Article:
A Conversation with Jim Brooks: The Right Stuff I'd come to Elko to take in their annual Cowboy Poetry Gathering. A first-timer, I was neither a cowboy nor a student of cowboy poetry, but I'd been enjoying the performances and the friendly atmosphere among the ranchers, cowboys and the friends of cowboy culture.       It was the second day of the festival and I'd taken a break to visit Capriola's, a place I was told not to miss. It was full of all kinds of cowboy gear. Looking around, I almost wished I owned a horse or two.      Someone walked past me carrying ... Jan 2, 2005, 26574 reads


Interview: Jane Rosen: Toward the Intelligence of Life Jane Rosen has been a long time contributing editor for works & conversations and an incomparable help in the early years of the magazine.      At the time of this interview—our first recorded conversation—Rue Harrison and I met Rosen at her rented house on a horse ranch in San Gregorio, California. [She now owns a property nearby.] In those days, her dog Mayo was never far away and we were surrounded by all kinds of examples of Rosen's love of nature—rocks, feathers, shells, seeds, pine cones. On the walls were many of her drawings, ... Apr 2, 1994, 26493 reads


Interview: Paul Van Slambrouck : Reflections on Journalism Paul Van Slambrouck is a distinguished journalist. He began working for the Christian Science Monitor in 1976. From 1989 to 1997 he was with the San Jose Mercury News. In 1997 he returned to the Monitor as San Francisco bureau chief. In 2001 he was made the editor-in-chief of the Monitor. He is currently an associate professor of Mass Communication at Principia College, a correspondent for the Monitor, a contributing editor for works & conversations and a volunteer with ServiceSpace.      Paul entered my life in 2006 thanks to his offer to help me in my struggle ... Feb 9, 2014, 26486 reads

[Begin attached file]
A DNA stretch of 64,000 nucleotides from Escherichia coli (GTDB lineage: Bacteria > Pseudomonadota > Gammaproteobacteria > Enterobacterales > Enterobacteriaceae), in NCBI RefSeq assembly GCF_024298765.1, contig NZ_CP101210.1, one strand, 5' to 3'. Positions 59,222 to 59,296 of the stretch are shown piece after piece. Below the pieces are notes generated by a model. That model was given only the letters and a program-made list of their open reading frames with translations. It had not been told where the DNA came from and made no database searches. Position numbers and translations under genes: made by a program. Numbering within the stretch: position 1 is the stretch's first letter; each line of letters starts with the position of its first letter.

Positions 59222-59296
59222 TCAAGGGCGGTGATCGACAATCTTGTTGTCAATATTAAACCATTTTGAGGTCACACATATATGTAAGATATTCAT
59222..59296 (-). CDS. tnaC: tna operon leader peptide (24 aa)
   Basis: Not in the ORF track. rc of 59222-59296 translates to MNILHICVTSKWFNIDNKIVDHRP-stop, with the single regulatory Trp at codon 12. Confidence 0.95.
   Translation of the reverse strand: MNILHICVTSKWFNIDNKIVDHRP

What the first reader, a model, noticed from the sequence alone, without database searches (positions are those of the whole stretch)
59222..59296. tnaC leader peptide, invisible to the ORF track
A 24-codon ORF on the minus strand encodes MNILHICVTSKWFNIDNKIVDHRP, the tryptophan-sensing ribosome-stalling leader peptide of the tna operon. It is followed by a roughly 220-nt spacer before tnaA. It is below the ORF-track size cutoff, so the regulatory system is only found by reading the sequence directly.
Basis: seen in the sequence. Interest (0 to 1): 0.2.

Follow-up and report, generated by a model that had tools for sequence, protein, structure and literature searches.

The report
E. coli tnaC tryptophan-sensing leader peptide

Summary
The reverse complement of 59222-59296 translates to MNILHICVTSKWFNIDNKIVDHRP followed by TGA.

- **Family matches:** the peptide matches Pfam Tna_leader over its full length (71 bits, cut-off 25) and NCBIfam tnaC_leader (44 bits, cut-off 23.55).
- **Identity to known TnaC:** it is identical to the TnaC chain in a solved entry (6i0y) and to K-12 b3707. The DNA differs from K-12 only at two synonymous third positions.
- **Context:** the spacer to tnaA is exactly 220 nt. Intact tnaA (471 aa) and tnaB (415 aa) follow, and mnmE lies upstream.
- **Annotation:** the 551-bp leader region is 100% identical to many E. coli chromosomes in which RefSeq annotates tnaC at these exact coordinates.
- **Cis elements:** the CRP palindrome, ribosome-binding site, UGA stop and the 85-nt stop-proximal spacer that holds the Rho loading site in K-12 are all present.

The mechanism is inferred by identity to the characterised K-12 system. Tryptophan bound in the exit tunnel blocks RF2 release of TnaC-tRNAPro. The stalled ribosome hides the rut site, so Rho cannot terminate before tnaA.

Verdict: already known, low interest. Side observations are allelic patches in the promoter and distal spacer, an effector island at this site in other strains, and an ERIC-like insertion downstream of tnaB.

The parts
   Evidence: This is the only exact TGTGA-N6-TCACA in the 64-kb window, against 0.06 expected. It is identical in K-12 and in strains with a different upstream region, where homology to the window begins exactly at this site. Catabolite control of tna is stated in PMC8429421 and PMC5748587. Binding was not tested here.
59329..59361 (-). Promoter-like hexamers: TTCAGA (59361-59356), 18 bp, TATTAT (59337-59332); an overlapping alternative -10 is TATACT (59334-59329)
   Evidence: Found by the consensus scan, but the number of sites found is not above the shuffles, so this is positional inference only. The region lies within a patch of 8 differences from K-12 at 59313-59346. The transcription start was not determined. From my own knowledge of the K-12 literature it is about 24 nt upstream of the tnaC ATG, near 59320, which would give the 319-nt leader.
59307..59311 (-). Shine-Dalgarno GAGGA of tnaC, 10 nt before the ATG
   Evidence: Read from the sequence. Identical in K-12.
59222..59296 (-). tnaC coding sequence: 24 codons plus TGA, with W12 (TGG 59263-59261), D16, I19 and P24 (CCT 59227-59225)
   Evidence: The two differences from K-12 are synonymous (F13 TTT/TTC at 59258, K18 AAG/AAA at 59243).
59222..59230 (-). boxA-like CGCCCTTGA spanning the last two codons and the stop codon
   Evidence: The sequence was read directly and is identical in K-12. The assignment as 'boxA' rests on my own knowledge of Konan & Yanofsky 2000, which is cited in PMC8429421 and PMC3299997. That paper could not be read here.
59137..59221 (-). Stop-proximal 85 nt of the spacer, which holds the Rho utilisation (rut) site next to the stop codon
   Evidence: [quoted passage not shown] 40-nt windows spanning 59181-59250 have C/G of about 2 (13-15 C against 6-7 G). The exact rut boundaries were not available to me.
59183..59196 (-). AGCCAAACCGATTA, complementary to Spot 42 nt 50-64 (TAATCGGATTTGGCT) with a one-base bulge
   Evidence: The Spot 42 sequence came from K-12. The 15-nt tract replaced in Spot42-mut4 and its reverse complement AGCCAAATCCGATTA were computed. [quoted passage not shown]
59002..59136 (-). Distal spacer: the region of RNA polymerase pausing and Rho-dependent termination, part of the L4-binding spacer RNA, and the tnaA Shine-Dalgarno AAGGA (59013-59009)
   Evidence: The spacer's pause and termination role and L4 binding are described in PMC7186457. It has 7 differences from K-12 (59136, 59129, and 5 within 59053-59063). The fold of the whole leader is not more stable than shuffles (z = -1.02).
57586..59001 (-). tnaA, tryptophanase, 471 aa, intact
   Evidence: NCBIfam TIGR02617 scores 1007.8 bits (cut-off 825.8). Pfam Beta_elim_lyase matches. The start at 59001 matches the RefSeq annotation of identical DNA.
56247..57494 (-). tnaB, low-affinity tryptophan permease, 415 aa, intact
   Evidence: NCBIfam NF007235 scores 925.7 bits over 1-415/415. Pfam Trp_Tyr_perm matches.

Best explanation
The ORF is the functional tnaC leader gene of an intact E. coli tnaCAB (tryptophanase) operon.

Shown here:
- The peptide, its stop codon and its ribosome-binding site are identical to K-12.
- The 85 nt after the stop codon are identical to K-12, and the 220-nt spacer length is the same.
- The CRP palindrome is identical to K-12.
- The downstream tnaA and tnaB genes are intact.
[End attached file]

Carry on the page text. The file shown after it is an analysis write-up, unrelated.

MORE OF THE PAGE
A Conversation with Ursula von Rydingsvard: Objects of Presence I first heard of Ursula von Rydingsvard from my friend Jane Rosen. "She's a great artist," she told me. "You should interview her." But Ursula lives in New York and I had my hands full in the Bay Area. It didn't seem likely to happen. Then one day I got a call from Jane— Ursula would be in San Francisco to give a talk at the Art Institute. She would be in town only briefly, but perhaps I could arrange to meet her. It turned out that she would be staying with Ann Hatch who had brought Ursula to SF years before for a residency at the Capp Street Project. ... Feb 16, 2003, 24983 reads


A Man Impossible to Classify One of my first experiences in San Francisco was of being flagged down by a ... Read More 712768 views

The Dumpster      “We can’t use these. They look like ... Read More 130526 views

Cotton and Silk Vorbeck quilt, detail I’m working on the last panel of a pair of ... Read More 6209 views

Remember to Remember - Nicholas Hlobeczy I had the pleasure of getting to know the late Nicholas Hlobeczy over a ... Read More 88201 views

A Conversation with Silas Hagerty I met Silas, a young man in his twenties from New England, at a ... Read More 56861 views


A Man Impossible to Classify One of my first experiences in San Francisco was of being flagged down by a ... Read More 712768 views

Interview with Bill Douglass—Jimbo's Bop City and Other Tales At the time I'd first gotten to know the widely respected jazz musician Bill ... Read More 359604 views

Greeting the Light It was thanks to artist Walter Gabrielson that I was able to get in touch with ... Read More 290646 views

Interview: Gail Needleman Gail Needleman teaches music at Holy Names University in Oakland, California. ... Read More 179269 views

Interview: Stephen De Staebler John Toki encouraged me to interview his old friend and mentor, sculptor Stephen ... Read More 149058 views